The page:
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    Saturday, October 16th, 2021

    Whyte’s will encourage new entrants to the art market as well as existing collectors with a timed online autumn art auction of 291 lots which runs to October 18.  There are artworks with estimates of from €80 to €5,000. Stalwarts like Louis le Brocquy, Norah McGuinness, Norman McCaig, Gretta O’Brien, Liam Treacy, Arthur Maderson, Markey Robinson, Robert Ballagh, Damien Hirst, Albert Irvin, Hughie O’Donoghue, Donald Teskey, Anita Shelbourne, John Kingerlee, Brian Maguire, Michael Cullen, Camille Souter and many more celebrated artists are all represented.

    Boat to Inishbofin by Norman McCaig (1929-2001). UPDATE: THIS MADE 750 AT HAMMER


    Tuesday, June 1st, 2021

    This 1943 painting of Loughshinny Harbour, Co. Dublin by Patrick Leonard made a hammer price of €34,000 at Whyte’s Irish and International Art auction on May 31. It had been estimated at €12,000-€18,000 and was a new record for an oil by the artist (a pastel made €40,000 in 2006). The sale grossed just under €900,000 with  80% of the 160 lots sold. The top price was €160,000 for a Jack Yeats oil depicting a horse and jockey – Muldoon and Rattlesnake, €10,000 above the top estimate. Seán Keating’s Thinking Out Gobnet – including a portrait of Harry Clarke in the scene – made €58,000 while an ink drawn illustration by Harry Clarke sold for over twice its pre-sale estimate at €12,500.


    Saturday, May 29th, 2021
    Yellow Red (1994), an etching 18/30 by Sean Scully at Whyte’s. UPDATE: THIS MADE 7,000 AT HAMMER

    Encompassing everything from genre paintings, still life, abstract art, landscapes and Saint Gobnait to an original copy of the Irish Proclamation and a large bronze plaque made for An Tostal in 1953 the art sales at Whyte’s on Monday and Adams next Wednesday are brimful of interest. Given that collectors have adjusted remarkably well to the online model it seems safe to predict that there will be no shortage of competitive bidding for the 160 works on offer at Whyte’s and the 149 at Adams.  In a welcome move towards normality the easing of Covid restrictions allows viewing for these sales by appointment. Online or in person there is much to see and appreciate.  Whyte’s kicks off online on May 31 at 6 pm.  Sean Keating painted his friend Harry Clarke thinking about St. Gobnait on the Aran Islands while working on a commission for his series of eleven windows at the Honan Chapel in Cork.  The acclaimed windows were installed in 1916. Gobnait is traditionally associated with Ballyvourney in Co. Cork and with the Aran Islands.  The resultant oil painting by Keating –  exhibited at the RHA in 1918 – is lot 45 at Whyte’s, with an estimate of €50,000-€70,000.Along with Yeats and Keating, Whyte’s has work by artists including Cedil Maguire, Nathaniel Hone, Walter Osborne, Charlotte MacCausland, Harry Kernoff, Patrick Leonard, William Leech, Mary Swanzy, Maurice MacGonigal, Dan O’Neill, Tony O’Malley, Louis le Brocquy, Sean Scully, Donald Teskey and many others.  A bronze An Tostal commemorative plaque celebrating Irish life by the sculptor Gabriel Hayes (1909-1978) is estimated at €3,000-€4,000 and there are prints by Bob Dylan and David Bowie with estimates from €1,200 to €3,000.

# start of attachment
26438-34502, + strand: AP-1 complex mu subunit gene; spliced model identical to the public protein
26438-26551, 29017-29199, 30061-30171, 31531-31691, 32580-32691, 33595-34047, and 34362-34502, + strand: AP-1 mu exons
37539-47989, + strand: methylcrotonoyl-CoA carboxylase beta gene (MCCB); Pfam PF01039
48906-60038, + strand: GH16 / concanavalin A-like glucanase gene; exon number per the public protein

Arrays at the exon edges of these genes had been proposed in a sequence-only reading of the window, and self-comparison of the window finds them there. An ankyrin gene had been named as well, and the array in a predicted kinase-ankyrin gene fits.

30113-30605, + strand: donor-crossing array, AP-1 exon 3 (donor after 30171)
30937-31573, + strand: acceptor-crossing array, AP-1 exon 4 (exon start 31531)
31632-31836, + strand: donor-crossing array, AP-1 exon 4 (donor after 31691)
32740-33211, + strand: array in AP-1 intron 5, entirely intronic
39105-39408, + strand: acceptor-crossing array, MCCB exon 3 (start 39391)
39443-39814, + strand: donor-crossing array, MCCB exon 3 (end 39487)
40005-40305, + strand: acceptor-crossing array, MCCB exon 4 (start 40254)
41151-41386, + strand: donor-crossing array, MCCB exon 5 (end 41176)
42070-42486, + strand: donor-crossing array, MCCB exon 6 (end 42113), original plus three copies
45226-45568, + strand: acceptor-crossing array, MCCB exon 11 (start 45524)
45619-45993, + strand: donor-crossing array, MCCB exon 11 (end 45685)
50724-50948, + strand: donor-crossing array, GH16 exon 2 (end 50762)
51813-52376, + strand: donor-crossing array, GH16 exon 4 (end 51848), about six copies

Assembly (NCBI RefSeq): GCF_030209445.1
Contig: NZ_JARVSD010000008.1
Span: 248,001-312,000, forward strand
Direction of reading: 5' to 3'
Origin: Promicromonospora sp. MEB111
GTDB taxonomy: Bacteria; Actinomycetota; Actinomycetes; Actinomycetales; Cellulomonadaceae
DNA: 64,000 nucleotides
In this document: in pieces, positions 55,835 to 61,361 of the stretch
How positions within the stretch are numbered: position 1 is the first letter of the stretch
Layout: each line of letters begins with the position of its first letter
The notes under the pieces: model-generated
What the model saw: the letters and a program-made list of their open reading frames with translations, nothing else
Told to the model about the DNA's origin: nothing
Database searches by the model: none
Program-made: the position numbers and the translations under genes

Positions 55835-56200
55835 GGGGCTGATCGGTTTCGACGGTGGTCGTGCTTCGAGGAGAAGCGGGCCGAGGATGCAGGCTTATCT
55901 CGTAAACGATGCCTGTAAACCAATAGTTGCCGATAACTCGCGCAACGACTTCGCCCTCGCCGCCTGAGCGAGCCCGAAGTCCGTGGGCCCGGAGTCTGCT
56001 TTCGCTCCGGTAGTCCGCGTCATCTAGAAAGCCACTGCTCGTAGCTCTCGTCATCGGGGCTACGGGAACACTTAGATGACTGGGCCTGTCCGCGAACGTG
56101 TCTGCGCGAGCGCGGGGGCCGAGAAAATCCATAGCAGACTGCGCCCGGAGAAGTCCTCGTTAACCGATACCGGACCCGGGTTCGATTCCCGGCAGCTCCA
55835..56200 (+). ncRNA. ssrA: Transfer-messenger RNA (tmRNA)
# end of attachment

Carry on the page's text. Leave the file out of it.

Over the Estuary  by John Shinnors at James Adam. UPDATE: THIS MADE 30,000 AT HAMMER

    Original copies of the Proclamation of the Irish Republic are always much sought after.  The one at Adams next Wednesday evening, signed by the printer Christopher Brady and obtained in Sackville St. on Easter Monday, 1916, has an estimate of €150,000. The sky and sea are made of blues, blacks and purples in William Croziers’ structural landscape The Inlet which Adams estimate at €20,000-€30,000.  There is a more traditional approach in Cottages in Achill by Paul Henry (€140,000-€160,000) while the acclaimed Limerick artist John Shinnors took inspiration from the River Shannon for his magnificent and dynamic oil on canvas diptych Over the Estuary (€30,000-€50,000). Camille Souters’ Cycling to Chioggia, a little town south of Venice, is a memory painting from 1961 that was once in the collection of Sir Basil Goulding. It is estimated at €15,000-€25,000.  Another memory jogger is an Elkington and Co. bronze of Oliver Goldsmith after John Henry Foley RA RHA (1818-1874).  The estimate here is €3,000-€4,000. In a Dublin Waxworks by Jack B Yeats (€60,000-€100,000) once in the collection of the late Garech Browne at Luggala, recalls a popular attraction in the capital until it was burnt down during the 1916 Rising.


    Tuesday, May 18th, 2021

    A White Star Line illustrated promotional booklet from 1911 showing Olympic and Titanic was the sleeper lot at Whyte’s Eclectic Collector sale in Dublin. The 72 page booklet made €5,800 over a top estimate of €300. The auction grossed €600,000 with over 90% of lots sold. More than 1,000 bidders registered online.

    (See post on for May 8, 2021)


    Tuesday, May 4th, 2021

    In the Scorsese film The Irishman hitman Frank Sheehan, played by Robert de Niro, says he “paints houses”. This is Mafia slang for killing people. The phrase was also used by the IRA in Ireland’s War of Independence. One of their favourite weapons was a Mauser pistol nicknamed “Peter the Painter”. A fine example of this deadly weapon, now deactivated, comes up at Whyte’s timed online Eclectic Collector sale on May 15 and 16. Bidding is now open. The Mauser at Whyte’s has a history of ownership going back to an IRA Volunteer in Co. Kildare. Lot 168 is estimated at €4,000-€6,000.

    This annual sale, which attracts collectors from around the world, offers a mix of historical artefacts, manuscripts, books, maps, militaria, coins, banknotes, tribal objects and even rare whiskies.

    A Mauser pistol at Whyte’s. UPDATE: THIS MADE €6,000 AT HAMMER


    Sunday, March 14th, 2021
    Waiting for the Ferry, low tide by Jack B. Yeats  UPDATE: THIS MADE 135,000 AT HAMMER